Sunday, September 17, 2006

more on no toxic wastes -- Pd plating solutions

An example of how we avoid toxic wastes is how we deal with left overs from our electroless palladium-plating operation. Palladium is rather valuable, about $250/oz currently, but the ordinary left-overs from plating contain hardly any palldium and contain a lot of other nasty stuff. Palladium plating is done in our shop from a solution that contains ammonia, hydrazine, and less than 1/2% Pd, by weight. Thus a quart of fresh solution has barely 1/6 oz of Pd, about $30 worth. After coating, we're down to about $3 worth, and no-one will treat the quart of solution to recover only $3 of Pd, so we enhance it. We only generate a few ounces of left-over electroless plating solution per week, and when we generate it, we put it in a beaker filled with a few grams of left-over Pd, an a few milligrams of PdNO3; you'll see hwere we get the PdNO3 from in a little bit. Generally there is still some reactivity to the solution, and it gets higher when inhanced by the PdNO3 that dissolves and enters solution. In the reaction the follows, most of the palladium is deposited over the next few days, and in the process we react away most of the toxic, carsinogenic reducing agent (hydrozine). We let the rest of the hydrazine and most of the water evaporate and go out the hood. When the liquid is gone, or mostly gone, we have gotten rid of the toxic stuff, but we've formed, along with the Pd a bunch of carbonates. We now wash the contents of the beaker with water, and pour the water and some carbonates down the sink. These carbonates and the wash water are wastes, to be sure, but they are not classified as toxic waste (I wouldn't want to drink it). We get rid of the carbonates by washing with left-over nitric acid that was used to clean Pd from our glassware. In the end we are lft with PdNO3 and other nitrates in the beaker with the Pd.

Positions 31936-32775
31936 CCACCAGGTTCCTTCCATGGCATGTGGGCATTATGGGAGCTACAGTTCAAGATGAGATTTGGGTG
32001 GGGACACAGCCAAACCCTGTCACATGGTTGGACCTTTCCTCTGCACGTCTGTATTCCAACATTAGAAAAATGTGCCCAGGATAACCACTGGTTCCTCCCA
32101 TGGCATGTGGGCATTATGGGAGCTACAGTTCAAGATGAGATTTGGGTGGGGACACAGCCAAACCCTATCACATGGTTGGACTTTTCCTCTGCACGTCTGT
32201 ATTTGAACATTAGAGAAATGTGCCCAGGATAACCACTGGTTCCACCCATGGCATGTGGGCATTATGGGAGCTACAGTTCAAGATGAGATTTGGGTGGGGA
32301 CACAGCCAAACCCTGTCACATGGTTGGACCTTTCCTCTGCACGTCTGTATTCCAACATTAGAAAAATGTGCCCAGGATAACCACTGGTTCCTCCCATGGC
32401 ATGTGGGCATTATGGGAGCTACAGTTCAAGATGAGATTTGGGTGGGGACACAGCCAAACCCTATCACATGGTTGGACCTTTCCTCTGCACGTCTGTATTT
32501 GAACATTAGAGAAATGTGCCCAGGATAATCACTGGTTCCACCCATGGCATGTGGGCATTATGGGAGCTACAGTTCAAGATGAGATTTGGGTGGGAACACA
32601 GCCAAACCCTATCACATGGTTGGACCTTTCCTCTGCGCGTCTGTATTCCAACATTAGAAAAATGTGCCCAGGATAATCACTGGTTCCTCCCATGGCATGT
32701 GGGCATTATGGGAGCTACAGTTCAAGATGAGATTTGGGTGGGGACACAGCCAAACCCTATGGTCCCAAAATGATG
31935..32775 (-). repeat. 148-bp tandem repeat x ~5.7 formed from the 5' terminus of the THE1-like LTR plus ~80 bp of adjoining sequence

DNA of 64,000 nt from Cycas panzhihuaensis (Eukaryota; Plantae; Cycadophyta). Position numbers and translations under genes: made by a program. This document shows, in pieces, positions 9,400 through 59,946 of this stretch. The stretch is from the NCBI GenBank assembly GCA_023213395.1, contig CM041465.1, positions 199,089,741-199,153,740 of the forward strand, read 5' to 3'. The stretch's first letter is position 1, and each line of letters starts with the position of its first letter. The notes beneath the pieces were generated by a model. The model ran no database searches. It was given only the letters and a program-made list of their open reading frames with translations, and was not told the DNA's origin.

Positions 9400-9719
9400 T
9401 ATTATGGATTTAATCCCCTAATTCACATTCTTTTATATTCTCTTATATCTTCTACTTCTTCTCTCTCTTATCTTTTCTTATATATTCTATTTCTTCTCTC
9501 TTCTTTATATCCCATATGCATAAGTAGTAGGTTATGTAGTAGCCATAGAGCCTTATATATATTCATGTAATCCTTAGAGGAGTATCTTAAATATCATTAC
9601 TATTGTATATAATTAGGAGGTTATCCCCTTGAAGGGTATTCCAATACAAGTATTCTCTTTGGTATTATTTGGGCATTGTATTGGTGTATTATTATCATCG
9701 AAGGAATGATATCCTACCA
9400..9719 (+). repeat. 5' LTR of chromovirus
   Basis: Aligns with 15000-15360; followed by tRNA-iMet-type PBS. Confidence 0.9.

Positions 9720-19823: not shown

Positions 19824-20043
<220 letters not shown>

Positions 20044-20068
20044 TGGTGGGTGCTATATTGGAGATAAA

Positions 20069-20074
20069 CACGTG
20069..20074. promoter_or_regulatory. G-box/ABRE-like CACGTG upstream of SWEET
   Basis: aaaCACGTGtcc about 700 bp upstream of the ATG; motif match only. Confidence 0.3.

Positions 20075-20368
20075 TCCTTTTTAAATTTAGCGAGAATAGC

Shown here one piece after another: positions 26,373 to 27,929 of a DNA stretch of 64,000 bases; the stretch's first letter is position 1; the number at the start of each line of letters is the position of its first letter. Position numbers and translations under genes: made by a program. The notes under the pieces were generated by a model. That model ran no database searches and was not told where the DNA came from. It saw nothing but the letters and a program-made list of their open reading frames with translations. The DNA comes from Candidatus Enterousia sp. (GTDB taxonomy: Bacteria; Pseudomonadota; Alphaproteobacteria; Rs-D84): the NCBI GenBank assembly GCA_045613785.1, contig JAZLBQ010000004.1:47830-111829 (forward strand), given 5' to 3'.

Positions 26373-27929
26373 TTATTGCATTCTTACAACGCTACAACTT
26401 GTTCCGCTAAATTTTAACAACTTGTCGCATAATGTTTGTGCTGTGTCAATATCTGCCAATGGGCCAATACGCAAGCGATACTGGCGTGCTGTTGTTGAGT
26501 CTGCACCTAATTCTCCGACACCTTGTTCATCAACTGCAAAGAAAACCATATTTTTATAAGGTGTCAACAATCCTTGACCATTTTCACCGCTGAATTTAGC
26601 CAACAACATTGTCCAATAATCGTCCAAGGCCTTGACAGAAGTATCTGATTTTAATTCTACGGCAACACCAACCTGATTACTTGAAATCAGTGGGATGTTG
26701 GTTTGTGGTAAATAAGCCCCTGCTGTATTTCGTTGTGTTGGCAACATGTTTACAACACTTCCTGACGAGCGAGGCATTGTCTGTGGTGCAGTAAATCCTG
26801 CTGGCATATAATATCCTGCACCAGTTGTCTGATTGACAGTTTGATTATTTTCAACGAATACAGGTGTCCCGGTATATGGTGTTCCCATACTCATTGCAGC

Over time the value of the Pd in the beaker increases. It's now worth $100, perhaps. Not enough to make us rich, but enough to be sold, and the process gets rid of toxic wastes, so that we don't have to report them and deal with them as such. Pretty cool.

Monday, May 30, 2005

No toxic wastes

Welcome to my blog. My name is Robert Buxbaum, president of REB Research & Consulting, Co. REB Research, and I thought I'd start off by tell you one of my general ideas about business: no toxic wastes. We try to make sure that all of our wastes, toxic or not can be sold. Even if we can't earn much for the sale, it's better than disposing of the stuff, and sometimes we can even sell our wastes at a good profit. I'll describe in more detail later. So long for now, REB